Sunday, May 1, 2011

Fundamental Performance Metrics

Baron Schwartz invited me to comment on his latest blog post entitled "The four fundamental performance metrics," which I did. Coincidentally, I happened to address this same topic in my presentation at CMG Atlanta last week. As the following slides shows, I claim there are really only 3 fundamental performance metrics (actually 2, if you want to get truly fundamental about it).

Here are the rest of the relevant slides from that talk, which I hope you will be able to compare with Baron's perspective.







Baron seems to be getting his cue from certain Linux kernel metrics. However, I would strongly caution against using metrics defined by Linux kernel hackers (or any other hackers, for that matter). I've seen too many examples of bastardized nomenclature, not to mention broken code that incorrectly computes said metrics. Moreover, I see no virtue in reinventing the wheel only to end up with an irregular polygon.

With that in mind, what I think Baron is trying to elucidate is that just a small number of simple performance metrics (4?) is all that is required to parameterize certain performance models, such as the USL scalability model. In other words, performance modeling may not be as far away from your already collected performance data as you might think, and therefore there is little excuse not to do it. Amen to that!

I'll be discussing this topic again in my Guerrilla Boot Camp class, later this week.

5 comments:

Baron said...

I've updated my blog post to correct the things you pointed out. I still haven't found a good short phrase for what I call the weighted time. Caution about Linux kernel docs duly noted :-)

ks said...

Hi Neil,

In http://perfdynamics.blogspot.com/2016/10/crib-sheet-for-emulating-web-traffic.html I asked a question which I think is more appropriate here.

If you cannot capture the arrival and completion time for every message flowing through a complex system like IoT solution; what are the essential metrics that you have to capture?

For example, say that millions of devices are writing to one IoT Hub (or Kafka cluster), and then 20 VMs are simultaneously processing messages from 20 partitions (devices are partitioned by device id hash). In this situation, IoT Hub (or Kafka cluster) is W(aiting) time, and Message Processor code is S(ervicing) time (http://perfdynamics.blogspot.com/2014/07/a-little-triplet.html).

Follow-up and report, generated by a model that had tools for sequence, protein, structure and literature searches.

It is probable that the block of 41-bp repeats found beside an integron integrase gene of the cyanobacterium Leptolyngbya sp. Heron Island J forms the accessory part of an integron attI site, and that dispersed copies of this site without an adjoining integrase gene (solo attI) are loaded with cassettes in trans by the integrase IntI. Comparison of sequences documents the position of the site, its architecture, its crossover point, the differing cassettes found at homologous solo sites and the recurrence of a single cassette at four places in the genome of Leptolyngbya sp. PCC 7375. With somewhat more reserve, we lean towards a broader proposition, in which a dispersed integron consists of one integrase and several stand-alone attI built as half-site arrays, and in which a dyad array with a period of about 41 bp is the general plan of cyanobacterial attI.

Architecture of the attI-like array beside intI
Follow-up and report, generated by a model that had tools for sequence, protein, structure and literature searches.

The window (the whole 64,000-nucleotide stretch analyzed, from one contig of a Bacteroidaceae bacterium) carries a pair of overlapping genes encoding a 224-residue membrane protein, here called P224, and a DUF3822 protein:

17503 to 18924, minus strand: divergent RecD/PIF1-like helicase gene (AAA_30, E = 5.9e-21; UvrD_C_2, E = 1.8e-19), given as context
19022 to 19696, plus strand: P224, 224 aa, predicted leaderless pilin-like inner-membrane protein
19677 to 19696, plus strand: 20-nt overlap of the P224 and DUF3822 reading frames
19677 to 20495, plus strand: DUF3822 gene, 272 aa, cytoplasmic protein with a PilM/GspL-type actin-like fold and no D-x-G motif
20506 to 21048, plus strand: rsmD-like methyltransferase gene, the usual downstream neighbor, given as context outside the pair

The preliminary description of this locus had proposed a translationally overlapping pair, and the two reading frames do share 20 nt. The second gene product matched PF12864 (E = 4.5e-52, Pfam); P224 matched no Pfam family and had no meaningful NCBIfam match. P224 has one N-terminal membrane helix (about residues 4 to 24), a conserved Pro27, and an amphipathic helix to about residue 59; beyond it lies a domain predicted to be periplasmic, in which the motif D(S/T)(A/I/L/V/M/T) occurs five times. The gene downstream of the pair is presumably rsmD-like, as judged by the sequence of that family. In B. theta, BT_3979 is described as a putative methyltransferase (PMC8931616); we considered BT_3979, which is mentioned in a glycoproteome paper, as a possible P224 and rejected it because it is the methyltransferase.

In the Message Processor running on each VM, what should one capture gor time interval T (say 15 seconds)?
1. arrival messages
2. average latency of message in IoT Hub (i.e. average Waiting time): This can be calculated from timestamp in message when retrieved.
3. average latency to "process"/"complete" in Message Processor (i.e. average Service time)

Each processor on each VM would then send this telemetry to a central server.

Is there anything else should capture? As suggested by https://www.percona.com/blog/2011/04/27/the-four-fundamental-performance-metrics/?

Neil Gunther said...

You raise a lot of sub-topics here.

The above post is intended to underscore the idea that all performance metrics can be broken down into these 3 fundamental metric types (time, rate, or number). Conversely, other derived metrics can be built up from them.

To address the questions about what to measure in an IoT application, I'd suggest drawing a functional block diagram, or diagrams, along the longs suggested in this post on PDQ. The goal is to fill in all the boxes you draw with times (either known or unknown). If there are boxes that cannot be assigned a time then, either the box is wrong or something needs to be measured that isn't. Educated guesses are also completely fine. Once you have the boxes all filled in it's a fairly straightforward matter to generate the corresponding PDQ code. The PDQ model will soon let you know if your proposed processing times are consistent or not—that's one of its main values. And when I say "consistent' that includes a validation of the measurement instrumentation not being broken or misleading.

In cases were the time cannot be directly measured, it may be inferred or derived from Little Law or other metric relationships.

ks said...

Thanks very much! I am diving in to these and the other great resources you have including your books to learn more.

Neil Gunther said...

Cool but you really should come to my GCAP or PDQ Guerrilla class and learn in DAYS what will otherwise take you months (or longer).